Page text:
Mycorrhizae symbiosis ranges across a spectrum between parasitism by either plant or fungi, to mutualism between the two individuals associated. Mutualism, in which the relationship is beneficial to both the fungi and plant, is the most common type of mycorrhizal association (Brundrett, M. 2004) (Bronstein, J. L. 2009). Many mycorrhizae forming fungi are also obligate symbionts, meaning they are dependent on the plant species they form with for survival. All Vesicular-Mycorrhizal fungi are obligate, and most ectomycorrhizal fungi species are obligate. (Brundrett, M. 2004) The actual mutualistic benefit is the transfer of nutrients between plants and fungi. Carbon and Nitrogen transfer is important to the plant, and the fungi use nutrients in the root for sustenance. Some plant individuals are linked together via their hyphal networks, some research indicates that this plays an ecologically important role. Carbon in particular appears to move from plant to plant via hyphal networks and actually enter the vascular tissue of the plant. The movement of nutrients may also be bidirectional (Simard, S.W. et al. 1997). Further research has been suggested in order to view just how much carbon is directly transferred via the hyphae as opposed to being lost by the original plant or fungi and then taken up by the plant receiving the transferred carbon. Whether the quantities of carbon transferred make a significant ecological impact is also uncertain, but is important to keep in mind that mycorrhizal networks are all but ubiquitous in the plant world and have a significant ecological impact in direct plant-fungi mutualism (Simard, S.W. et al. 1997) (Robinson, D. Fitter A. 1999).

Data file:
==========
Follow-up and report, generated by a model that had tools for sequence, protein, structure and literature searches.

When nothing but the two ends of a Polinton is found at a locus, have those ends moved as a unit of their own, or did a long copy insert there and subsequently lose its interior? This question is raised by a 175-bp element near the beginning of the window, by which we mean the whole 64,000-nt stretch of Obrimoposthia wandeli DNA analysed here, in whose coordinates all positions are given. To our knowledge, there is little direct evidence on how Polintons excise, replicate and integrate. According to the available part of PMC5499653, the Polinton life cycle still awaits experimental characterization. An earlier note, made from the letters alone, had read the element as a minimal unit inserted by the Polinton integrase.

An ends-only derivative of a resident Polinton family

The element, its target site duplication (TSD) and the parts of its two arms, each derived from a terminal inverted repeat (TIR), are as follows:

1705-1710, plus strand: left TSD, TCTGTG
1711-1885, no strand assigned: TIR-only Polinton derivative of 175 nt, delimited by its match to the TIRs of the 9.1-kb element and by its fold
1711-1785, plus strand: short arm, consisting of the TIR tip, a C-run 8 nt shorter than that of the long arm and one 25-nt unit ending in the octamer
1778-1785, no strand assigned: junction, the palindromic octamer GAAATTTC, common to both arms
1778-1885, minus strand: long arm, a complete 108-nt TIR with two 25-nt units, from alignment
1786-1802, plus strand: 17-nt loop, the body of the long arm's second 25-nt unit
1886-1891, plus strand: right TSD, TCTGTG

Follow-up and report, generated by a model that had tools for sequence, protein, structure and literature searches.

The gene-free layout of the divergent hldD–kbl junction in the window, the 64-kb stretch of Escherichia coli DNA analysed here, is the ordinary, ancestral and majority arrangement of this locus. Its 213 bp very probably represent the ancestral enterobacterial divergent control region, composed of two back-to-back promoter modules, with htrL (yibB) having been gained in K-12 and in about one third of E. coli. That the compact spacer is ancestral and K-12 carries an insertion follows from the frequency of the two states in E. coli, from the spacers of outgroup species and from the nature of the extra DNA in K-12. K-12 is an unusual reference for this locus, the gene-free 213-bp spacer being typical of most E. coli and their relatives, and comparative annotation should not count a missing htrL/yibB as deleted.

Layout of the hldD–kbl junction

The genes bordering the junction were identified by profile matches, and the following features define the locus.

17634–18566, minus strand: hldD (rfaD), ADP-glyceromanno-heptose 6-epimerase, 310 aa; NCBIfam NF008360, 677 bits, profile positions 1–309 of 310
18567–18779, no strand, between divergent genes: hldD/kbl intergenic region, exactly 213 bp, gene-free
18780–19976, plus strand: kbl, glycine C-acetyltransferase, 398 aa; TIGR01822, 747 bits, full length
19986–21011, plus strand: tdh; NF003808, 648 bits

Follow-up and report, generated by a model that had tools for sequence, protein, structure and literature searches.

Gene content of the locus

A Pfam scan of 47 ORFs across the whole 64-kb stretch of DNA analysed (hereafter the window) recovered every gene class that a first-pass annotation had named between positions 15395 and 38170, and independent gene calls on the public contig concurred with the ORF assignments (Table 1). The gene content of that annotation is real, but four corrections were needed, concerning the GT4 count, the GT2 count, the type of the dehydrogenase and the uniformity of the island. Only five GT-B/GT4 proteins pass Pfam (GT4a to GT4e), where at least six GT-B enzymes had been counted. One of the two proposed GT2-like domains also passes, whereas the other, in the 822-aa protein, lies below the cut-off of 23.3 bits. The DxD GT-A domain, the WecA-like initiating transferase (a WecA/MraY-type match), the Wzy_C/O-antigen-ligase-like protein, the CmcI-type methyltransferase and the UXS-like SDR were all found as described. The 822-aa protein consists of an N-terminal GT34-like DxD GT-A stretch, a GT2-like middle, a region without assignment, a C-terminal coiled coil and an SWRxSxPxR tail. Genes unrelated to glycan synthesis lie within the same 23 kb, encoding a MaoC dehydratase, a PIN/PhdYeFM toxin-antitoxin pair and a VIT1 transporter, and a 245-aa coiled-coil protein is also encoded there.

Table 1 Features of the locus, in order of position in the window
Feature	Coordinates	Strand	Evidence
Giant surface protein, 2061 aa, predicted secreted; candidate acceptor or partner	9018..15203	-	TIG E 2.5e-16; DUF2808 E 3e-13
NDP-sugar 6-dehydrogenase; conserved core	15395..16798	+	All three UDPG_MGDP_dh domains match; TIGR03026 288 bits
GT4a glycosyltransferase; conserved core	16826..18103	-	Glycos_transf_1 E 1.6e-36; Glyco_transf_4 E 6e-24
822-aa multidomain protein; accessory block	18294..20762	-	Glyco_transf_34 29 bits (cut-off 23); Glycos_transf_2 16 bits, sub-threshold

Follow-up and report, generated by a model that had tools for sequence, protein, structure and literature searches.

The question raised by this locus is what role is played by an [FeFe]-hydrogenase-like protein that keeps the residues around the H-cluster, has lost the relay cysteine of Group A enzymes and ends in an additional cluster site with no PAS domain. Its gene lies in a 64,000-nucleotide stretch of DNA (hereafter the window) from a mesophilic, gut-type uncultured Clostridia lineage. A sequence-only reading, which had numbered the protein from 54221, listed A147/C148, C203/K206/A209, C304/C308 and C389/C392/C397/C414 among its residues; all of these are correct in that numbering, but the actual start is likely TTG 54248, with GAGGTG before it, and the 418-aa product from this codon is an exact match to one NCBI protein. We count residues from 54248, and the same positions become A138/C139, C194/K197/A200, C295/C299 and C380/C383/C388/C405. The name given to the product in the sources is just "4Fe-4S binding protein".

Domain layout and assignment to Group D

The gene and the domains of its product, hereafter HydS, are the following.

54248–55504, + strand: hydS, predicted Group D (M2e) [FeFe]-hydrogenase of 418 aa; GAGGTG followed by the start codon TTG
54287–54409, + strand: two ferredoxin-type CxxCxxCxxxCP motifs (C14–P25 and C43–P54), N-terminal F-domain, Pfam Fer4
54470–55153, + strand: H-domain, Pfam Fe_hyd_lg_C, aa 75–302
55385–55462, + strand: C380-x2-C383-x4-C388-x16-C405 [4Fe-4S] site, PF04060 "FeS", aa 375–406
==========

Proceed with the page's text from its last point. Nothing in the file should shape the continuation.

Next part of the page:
The mutualistic relationships of mycorrhizae generally increase the fitness of both individuals involved, allowing them to persist and succeed in their given ecosystem. It is important to note though that because an individual plant may have so many mycorrhizae from different species, the different fungi are competing with each other for area and resources. Some fungi are more strongly mutualistic than others. These fungi and those that create parasitic mycorrhizal relationships would be expected to have a competitive edge at beating out strongly mutualistic fungi (Hoeksema, J.D., Kummel, M. 2003). However mutualism is the predominant type of mycorrhizal association and strong mutualism persists. It has been considered that many plants might facilitate the success of strongly mutualistic fungi that form mycorrhizae with them by causing dieback in root tips that are colonized by less mutualistic or parasitic fungi. The environment in which the mycorrhizae are formed effects the degree of mutualism benefit to the plant, therefore plants shouldn’t have evolved to discriminate against the parasitic and weakly mutualistic species specifically as one member of a species may benefit from a fungus that provides no benefit in another habitat. This indicates that a mechanism is in place that is controlled by the nutrient benefits being obtained by the plant (Hoeksema, J.D., Kummel, M. 2003).